Chapter 11: Cost–Benefit Analysis and the Human Capital Approach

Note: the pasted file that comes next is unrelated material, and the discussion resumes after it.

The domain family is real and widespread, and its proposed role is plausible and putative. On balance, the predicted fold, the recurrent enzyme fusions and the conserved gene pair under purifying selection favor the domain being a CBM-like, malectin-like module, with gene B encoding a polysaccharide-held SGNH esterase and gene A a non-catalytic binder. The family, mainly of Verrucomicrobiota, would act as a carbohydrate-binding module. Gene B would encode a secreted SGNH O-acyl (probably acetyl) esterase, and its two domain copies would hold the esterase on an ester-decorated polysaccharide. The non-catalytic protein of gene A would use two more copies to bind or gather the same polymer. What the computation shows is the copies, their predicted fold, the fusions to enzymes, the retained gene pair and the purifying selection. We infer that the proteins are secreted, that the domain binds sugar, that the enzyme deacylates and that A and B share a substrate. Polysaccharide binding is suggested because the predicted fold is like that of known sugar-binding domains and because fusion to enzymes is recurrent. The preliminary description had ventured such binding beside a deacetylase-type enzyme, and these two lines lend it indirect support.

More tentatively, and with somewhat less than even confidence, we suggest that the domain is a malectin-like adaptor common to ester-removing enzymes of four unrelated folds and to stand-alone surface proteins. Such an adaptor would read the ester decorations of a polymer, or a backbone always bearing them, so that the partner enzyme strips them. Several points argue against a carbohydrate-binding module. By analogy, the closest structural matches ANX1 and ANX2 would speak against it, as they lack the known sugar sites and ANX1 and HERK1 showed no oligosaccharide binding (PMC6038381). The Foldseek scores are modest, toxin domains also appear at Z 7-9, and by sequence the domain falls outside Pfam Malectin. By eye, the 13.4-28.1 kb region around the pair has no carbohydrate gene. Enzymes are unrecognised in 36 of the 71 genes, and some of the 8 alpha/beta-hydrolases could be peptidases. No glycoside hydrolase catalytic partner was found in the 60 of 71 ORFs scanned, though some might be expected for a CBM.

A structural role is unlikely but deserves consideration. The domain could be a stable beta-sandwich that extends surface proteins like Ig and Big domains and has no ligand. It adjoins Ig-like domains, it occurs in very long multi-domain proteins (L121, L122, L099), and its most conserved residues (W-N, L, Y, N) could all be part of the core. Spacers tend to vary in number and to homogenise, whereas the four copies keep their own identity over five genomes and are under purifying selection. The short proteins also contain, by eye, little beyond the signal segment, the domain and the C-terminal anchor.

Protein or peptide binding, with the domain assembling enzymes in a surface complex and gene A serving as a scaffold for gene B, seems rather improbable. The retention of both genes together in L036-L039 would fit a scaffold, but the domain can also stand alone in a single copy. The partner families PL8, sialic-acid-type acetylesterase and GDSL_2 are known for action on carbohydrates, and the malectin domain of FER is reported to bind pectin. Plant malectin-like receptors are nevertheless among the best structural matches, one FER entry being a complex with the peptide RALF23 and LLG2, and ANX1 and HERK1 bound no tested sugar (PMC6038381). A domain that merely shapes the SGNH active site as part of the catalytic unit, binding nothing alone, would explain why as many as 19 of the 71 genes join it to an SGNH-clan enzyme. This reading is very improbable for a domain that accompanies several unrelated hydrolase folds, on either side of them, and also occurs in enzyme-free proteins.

11. Cost–beneﬁt analysis and the human capital approach 11.1 INTRODUCTION CBA requires that outputs and inputs be measured in comparable units. With inputs measured in monetary units forming costs, the main way that CBA is made operational is for the outputs also to be measured in monetary terms and become beneﬁts. In this chapter we look at the traditional, human capital approach to beneﬁt estimation that places monetary valuations by way of individual earnings aﬀected by health care interventions. This approach can be used for estimating indirect beneﬁts, but it can also be used to measure lives lost or saved. The main alternative approach to valuing a life is to ﬁnd out what people are willing to pay for reductions in the probability of losing one’s life. This modern approach, called valuing a ‘statistical life’, typically relies on revealed preferences in the labor market and is the main way that intangible beneﬁts are estimated. We start by reviewing the three main components of beneﬁts and then deﬁne intangible beneﬁts and list the main methods by which they can be estimated. In section 11.2 we explain the logic of the human capital approach. Section 11.3 examines the alternative approach that is based on WTP and an expression is presented that relates the two methodologies. Section 11.4 covers ways of converting CUAs into CBAs that put a price on a QALY. In the conversions both human capital and revealed preference WTP estimates...
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